Even before the Labor Arbiter rendered his decision, respondent BATELEC II found itself financially strapped, hence it embarked on a major reorganization of the entire cooperative. Respondent BATELEC II informed the National Electrification Administration (NEA), the government agency which oversees electric cooperatives, about its reorganization. The NEA, in turn, interposed no objection to respondent BATELEC II's streamlining operations.

As a result of the reorganizational structuring of respondent BATELEC II, the positions used to be held by complainants-petitioners are either abolished, merged or were already occupied by someone who is also qualified to do the job. In the meantime, this Honorable Court on July 27, 1994 dismissed with finality respondent BATELEC II's petition for certiorari in G.R. No. 115449. Accordingly, on February 2, 1995, Labor Arbiter Pedro Ramos issued a writ of execution to, among others, effect the physical reinstatement of the complainants-petitioners. Although the latter were formally welcomed to the ranks of BATELEC II employees effective March 1, 1995, they were not allowed to report for work for one month until such time that the cooperative management clear up their positions with the NEA and respondent NLRC. As expected, complainants-petitioners objected to the manner in which they were received by management. On March 17, 1995, complainants-petitioners filed a Motion for contempt against respondent BATELEC II's officers.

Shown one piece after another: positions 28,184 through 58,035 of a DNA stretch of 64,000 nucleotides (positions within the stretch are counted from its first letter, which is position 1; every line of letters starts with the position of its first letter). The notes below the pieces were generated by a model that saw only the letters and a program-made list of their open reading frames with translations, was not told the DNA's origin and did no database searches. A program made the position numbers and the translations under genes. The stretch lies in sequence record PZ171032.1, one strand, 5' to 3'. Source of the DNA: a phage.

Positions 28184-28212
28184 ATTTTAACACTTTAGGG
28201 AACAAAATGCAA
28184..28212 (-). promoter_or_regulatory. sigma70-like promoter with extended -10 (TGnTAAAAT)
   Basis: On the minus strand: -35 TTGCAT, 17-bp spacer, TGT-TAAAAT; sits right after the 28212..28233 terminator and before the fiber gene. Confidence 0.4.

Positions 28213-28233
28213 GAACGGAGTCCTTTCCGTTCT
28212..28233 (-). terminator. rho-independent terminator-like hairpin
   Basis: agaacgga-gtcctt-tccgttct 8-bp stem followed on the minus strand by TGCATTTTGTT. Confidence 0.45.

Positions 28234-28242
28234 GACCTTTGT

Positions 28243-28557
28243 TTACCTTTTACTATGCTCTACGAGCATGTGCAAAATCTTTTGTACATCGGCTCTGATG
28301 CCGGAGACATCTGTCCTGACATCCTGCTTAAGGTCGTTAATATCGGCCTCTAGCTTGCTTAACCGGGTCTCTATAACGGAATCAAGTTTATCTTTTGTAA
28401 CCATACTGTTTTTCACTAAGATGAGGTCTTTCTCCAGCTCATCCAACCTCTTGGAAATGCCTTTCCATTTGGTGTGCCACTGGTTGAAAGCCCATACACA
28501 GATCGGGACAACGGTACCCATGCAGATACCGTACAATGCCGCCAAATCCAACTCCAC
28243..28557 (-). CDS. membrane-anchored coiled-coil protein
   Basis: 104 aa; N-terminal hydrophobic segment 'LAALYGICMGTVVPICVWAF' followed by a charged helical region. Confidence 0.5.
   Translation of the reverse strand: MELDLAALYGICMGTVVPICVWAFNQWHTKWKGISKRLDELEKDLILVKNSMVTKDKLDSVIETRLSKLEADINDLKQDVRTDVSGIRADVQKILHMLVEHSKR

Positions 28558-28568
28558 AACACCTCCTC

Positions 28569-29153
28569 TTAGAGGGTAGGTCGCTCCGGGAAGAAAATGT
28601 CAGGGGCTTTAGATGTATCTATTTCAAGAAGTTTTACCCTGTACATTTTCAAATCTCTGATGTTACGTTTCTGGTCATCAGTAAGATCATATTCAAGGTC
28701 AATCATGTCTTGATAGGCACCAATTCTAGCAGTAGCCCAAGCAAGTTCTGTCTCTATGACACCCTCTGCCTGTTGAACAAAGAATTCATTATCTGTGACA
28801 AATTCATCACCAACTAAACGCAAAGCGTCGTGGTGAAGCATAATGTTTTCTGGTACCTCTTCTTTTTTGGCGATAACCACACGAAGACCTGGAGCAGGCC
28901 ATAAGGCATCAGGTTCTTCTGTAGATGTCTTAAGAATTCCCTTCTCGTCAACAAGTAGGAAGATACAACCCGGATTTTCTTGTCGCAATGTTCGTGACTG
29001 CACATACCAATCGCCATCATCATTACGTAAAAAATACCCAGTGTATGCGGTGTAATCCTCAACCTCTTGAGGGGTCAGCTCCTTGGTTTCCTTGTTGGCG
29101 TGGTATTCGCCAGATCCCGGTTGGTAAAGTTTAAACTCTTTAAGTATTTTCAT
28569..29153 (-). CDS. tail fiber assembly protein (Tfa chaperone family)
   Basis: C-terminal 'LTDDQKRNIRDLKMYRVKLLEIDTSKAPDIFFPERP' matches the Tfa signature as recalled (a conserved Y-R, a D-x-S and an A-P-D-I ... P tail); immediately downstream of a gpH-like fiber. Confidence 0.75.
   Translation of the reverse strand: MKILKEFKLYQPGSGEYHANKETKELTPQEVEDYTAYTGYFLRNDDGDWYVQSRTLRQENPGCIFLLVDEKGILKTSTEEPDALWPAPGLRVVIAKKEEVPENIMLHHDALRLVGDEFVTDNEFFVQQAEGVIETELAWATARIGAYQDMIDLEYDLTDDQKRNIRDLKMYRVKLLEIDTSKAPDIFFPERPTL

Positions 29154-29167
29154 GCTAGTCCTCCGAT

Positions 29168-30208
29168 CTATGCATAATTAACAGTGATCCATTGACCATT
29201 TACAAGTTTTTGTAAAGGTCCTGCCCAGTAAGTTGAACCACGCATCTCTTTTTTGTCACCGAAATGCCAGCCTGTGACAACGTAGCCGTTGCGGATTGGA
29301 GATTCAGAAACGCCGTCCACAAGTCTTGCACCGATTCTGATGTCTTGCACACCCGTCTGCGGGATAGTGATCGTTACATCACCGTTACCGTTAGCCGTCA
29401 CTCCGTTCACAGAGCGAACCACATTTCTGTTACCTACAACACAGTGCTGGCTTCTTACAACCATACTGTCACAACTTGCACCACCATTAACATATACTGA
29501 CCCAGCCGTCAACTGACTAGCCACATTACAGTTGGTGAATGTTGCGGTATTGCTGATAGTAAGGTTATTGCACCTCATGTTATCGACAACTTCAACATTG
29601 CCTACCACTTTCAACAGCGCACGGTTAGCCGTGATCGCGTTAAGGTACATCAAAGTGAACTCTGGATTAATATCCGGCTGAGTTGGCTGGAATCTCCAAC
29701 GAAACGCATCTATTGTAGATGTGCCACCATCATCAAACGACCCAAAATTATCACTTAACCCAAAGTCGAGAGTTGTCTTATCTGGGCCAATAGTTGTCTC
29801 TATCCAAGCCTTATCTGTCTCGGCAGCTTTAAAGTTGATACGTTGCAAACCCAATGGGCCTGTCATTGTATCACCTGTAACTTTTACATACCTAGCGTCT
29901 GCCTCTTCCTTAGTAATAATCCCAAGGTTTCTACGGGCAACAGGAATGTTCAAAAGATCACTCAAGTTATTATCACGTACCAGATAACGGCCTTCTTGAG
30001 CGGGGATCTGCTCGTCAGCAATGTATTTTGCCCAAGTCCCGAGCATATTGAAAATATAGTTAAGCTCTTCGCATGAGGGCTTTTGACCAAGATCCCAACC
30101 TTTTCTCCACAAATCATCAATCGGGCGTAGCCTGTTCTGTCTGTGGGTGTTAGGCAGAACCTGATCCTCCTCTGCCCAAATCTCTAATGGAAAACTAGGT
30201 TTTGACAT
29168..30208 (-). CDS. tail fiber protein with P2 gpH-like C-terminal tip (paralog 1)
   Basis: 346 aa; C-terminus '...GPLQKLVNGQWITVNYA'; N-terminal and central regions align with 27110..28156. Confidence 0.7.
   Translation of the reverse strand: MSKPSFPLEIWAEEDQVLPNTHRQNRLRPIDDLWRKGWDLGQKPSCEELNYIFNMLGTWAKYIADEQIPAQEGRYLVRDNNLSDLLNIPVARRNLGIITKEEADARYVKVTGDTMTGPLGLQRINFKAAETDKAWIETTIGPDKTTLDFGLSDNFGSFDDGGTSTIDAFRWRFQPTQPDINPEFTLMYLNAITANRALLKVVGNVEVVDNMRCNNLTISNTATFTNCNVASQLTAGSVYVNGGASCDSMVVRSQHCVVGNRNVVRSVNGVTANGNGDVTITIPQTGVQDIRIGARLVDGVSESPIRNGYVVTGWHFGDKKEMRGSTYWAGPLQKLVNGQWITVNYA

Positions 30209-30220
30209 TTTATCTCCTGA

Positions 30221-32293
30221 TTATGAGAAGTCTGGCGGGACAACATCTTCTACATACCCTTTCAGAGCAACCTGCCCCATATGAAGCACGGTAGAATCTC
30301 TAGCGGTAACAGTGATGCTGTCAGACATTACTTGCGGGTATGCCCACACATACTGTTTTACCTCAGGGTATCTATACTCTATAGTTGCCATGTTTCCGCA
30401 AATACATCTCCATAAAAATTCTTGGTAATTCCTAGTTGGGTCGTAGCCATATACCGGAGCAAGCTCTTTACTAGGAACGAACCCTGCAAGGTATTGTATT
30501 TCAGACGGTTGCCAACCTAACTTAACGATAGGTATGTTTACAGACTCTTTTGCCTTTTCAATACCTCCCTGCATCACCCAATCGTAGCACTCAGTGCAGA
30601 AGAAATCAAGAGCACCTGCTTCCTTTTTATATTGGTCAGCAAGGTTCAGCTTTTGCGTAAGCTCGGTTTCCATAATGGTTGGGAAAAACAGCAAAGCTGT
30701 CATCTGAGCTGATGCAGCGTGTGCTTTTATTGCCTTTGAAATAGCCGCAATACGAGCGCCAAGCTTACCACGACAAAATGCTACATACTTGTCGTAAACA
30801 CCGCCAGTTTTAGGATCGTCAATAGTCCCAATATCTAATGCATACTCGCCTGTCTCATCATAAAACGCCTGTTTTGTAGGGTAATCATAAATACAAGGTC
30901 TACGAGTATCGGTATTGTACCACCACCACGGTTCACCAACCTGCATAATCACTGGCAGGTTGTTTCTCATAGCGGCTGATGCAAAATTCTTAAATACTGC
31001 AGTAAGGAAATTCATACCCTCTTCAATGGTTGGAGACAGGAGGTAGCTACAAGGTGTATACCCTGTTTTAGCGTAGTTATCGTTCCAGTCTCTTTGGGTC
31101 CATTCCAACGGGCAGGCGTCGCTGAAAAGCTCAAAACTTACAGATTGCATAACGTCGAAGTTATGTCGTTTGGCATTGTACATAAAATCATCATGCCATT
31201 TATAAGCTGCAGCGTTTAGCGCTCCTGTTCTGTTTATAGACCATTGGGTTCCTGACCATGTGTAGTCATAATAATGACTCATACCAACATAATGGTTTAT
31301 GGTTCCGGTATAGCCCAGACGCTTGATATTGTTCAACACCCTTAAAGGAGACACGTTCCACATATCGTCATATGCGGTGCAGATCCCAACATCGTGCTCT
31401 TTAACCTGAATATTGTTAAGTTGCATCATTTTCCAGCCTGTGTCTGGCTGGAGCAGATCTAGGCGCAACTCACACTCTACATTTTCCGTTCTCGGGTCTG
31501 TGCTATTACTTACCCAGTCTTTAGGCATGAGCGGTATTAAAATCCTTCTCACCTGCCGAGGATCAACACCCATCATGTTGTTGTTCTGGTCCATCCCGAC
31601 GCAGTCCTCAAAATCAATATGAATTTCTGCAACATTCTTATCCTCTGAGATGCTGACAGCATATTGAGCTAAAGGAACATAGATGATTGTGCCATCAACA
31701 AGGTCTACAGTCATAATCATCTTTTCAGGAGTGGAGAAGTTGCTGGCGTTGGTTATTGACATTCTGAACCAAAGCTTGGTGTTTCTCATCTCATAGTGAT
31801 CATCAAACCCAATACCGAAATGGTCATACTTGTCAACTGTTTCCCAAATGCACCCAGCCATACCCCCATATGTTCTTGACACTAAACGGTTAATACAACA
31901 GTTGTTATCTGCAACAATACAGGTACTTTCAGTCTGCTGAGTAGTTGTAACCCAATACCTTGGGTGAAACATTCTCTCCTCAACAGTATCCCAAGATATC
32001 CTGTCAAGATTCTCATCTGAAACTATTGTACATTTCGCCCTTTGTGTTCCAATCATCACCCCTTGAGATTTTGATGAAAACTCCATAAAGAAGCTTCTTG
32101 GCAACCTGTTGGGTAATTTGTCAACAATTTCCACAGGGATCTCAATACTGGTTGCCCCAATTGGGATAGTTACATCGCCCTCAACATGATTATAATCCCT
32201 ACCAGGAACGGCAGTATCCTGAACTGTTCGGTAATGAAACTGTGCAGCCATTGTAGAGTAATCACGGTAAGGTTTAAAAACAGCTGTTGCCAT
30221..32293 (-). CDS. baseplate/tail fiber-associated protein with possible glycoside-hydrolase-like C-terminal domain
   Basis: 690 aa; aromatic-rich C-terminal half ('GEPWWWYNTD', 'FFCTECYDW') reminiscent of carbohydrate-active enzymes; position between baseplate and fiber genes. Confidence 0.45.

On March 31, 1995, respondent BATELEC II filed a "Manifestation with Motion" before the Labor Arbiter stating, among others, that the complainants-petitioners can no longer be physically reinstated due to redundancy and installation of computers; and that the cooperative is willing to pay them their corresponding separation pay equivalent to one (1) month pay for every year of service.1 CA Decision pp. 2-5; Rollo. pp. 24-27.